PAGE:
University Budget Cmte., faculty rep. (2002-05)

Sexual Harassment Cmte., faculty rep. (1997-2000)

Graduate Awards Cmte., department rep. (1997-98)

Academic Standing Cmte., faculty rep. (1995-98)

Academic Computer User's Cmte., faculty rep. (1993-94)

 

National Committees/Panels

 

ACEnet SMU Local user's group, chair (2008-09)

ACEnet Research Directorate, founding member

CASCA Theory and Computation Cmte. (1998-2004)

     (2002-06)

CFI RDF Selection Cmte. (1998-2000)

CITA Council (1998-2000)

NRAO review panel (1993-95)

 

Document bar

Document bar


Links to the PDFs of primers and manuals I have written or contributed to are given below. For documents authored solely by me, permission is granted to use and distribute freely for non-profit and academic purposes only, provided the original authorship and affiliation are retained. Those wanting any of the LATEX files should contact me directly.


      Did someone say bar?

A primer on Tensor Calculus

Something I prepared for my own edification.

FORTRAN77 primer

A quick start-up guide for first-time programmers in FORTRAN.

Unix primer

Exceedingly basic introduction to unix for first-time users.

DBX primer

Beginner's guide to debugging with Sun's DBX.

LATEX primer

An augmented version of David Wilkins' excellent primer.

 

dzeus34 user manual

User manual for ZEUS-3D, version 3.4.

dzeus35 user manual

User manual for ZEUS-3D, version 3.5.

dzeus36 user manual

User manual for ZEUS-3D, version 3.6.

edit21 user manual

User manual for EDITOR, version 2.1.

edit22 user manual

User manual for EDITOR, version 2.2.

 

First year lab manual

Answer guide


 

Lab manual and answer guide for a two-semester first year calculus-based physics course (e.g., HRW), no longer in use at SMU for reasons too tedious to explain. If anyone else can use them, I can provide the LATEX files and figures.

Software bar

Software bar


Coming at some point, a table of possibly useful coding snippets...


Personal

DC's personal page


Despite my background in algorithm development and supercomputer simulations, I remain a bit of a ludite. I'm not a blogger, I don't do Facebook, and I most certainly don't tweet. I don't even own a cell phone! This web-page, such as it is, represents my first and likely only foray into "social media".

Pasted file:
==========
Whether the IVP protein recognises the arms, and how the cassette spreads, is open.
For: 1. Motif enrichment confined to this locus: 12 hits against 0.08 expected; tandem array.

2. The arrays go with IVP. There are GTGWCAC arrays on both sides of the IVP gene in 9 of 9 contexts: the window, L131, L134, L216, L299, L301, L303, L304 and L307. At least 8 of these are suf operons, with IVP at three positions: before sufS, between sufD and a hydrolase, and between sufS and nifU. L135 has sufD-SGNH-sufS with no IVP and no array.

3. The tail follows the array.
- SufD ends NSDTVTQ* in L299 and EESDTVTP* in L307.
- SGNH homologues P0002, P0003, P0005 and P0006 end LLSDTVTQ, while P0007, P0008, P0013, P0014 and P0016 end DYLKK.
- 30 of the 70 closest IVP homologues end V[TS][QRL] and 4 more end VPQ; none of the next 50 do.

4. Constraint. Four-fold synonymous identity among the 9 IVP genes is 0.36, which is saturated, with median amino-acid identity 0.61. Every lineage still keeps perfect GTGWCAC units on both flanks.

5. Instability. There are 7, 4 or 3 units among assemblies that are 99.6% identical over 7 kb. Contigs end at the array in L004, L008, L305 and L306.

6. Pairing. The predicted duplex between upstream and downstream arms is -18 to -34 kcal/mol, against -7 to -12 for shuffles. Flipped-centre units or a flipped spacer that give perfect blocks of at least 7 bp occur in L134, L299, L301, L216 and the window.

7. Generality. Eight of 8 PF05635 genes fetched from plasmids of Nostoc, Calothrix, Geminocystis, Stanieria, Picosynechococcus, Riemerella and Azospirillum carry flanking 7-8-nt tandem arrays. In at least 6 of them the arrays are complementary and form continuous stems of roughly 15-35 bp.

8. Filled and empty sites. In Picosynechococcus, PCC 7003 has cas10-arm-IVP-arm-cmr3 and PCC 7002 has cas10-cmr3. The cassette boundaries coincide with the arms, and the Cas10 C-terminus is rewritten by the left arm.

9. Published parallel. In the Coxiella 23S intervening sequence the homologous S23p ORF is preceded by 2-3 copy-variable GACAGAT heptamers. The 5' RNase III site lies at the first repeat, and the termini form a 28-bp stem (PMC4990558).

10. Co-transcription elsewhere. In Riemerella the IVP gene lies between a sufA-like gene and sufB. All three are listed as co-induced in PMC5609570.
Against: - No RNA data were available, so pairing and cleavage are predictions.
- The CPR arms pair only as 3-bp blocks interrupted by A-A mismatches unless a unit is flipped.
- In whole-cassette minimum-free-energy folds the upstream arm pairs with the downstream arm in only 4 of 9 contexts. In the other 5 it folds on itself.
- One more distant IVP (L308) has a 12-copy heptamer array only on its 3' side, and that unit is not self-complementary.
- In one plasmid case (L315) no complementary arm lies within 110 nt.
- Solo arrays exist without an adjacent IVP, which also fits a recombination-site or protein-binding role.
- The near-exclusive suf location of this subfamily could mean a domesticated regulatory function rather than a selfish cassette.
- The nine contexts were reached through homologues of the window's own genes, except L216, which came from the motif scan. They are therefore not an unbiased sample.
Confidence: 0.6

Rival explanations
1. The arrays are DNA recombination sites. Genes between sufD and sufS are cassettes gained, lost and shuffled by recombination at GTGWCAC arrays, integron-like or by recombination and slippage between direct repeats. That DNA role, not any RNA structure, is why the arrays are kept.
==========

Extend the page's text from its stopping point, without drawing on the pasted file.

Background

 

Born in Charlottetown, Prince Edward Island to Sheila (née Davison; Charlottetown) and Alan Clarke (Halifax) in 1958, I was raised in Ontario and did my B.Sc. at Queen's University at Kingston (Honours Physics, 1981). My M.Sc. (Thesis: "Two-Dimensional Collapse of a Rotating Interstellar Cloud", 1984) was also from Queen's under Dick Henriksen. My Ph.D. (Dissertation: "A Search for the Effects of Active Magnetic Fields in Extragalactic Radio Sources", 1988) was from the University of New Mexico under Jack Burns and Mike Norman (LANL, NCSA).

 

I was a post-doctoral fellow at the NCSA (U. Illinois) from 1988–1992 under Mike Norman, and a post-doctoral research associate at the Harvard-Smithsonian CfA from 1992–1993 under Ramesh Narayan.

 

In 1993, I was appointed an assistant professor at Saint Mary's University, promoted to associate professor in 1995, gained tenure in 1996, and promoted again to full professor in 2003. During my 2000–2001 sabbatical leave, I was appointed astronome invité at l'observatoire de Grenoble. You can view my CV here.

 

Family

 

I went to the U.S. in 1984 single, came home in 1993 with a family. My wife now of 26 years, Jodi Asbell-Clarke, hails from North Haven, CT and is currently a senior science curriculum developer at a non-profit in Cambridge MA. My son, Dane, born in Albuquerque NM in 1989, received his BIT from Carleton/Algonquin in 2011 and is a graphic artist (check out his webpage!) while my daughter, Alison, born in Urbana IL in 1992, is an undergraduate in political science at the University of Guelph.

 

I have one brother (Peter) who works and lives in the Toronto area. My mother lives in Halifax and my father and his wife, Adaline O'Gorman, live in Victoria.

 

 

 

 

Whimsy

 

I offer here a few snippets of "pre-historic" comedy, all from well before most of our students were born! They're timeless, they're clean, and they're fun; enjoy!

 

My favourite comic of all time, Dennis Wolfberg died in 1994 at the age of 48. If you have 27 minutes and can tolerate a few split sides, indulge yourself with these three You-Tube links.

Part 1: "His name was Marvin; I certainly learned that much! And his first name was More. More Marvin, more Marvin!"

Part 2: "If we had a daughter, my wife wanted to name her Sue, which is a lovely name but for Jews is generally a verb!"

Part 3: "...which is somewhat akin to telling someone in the path of a tidal wave: you might experience moisture!"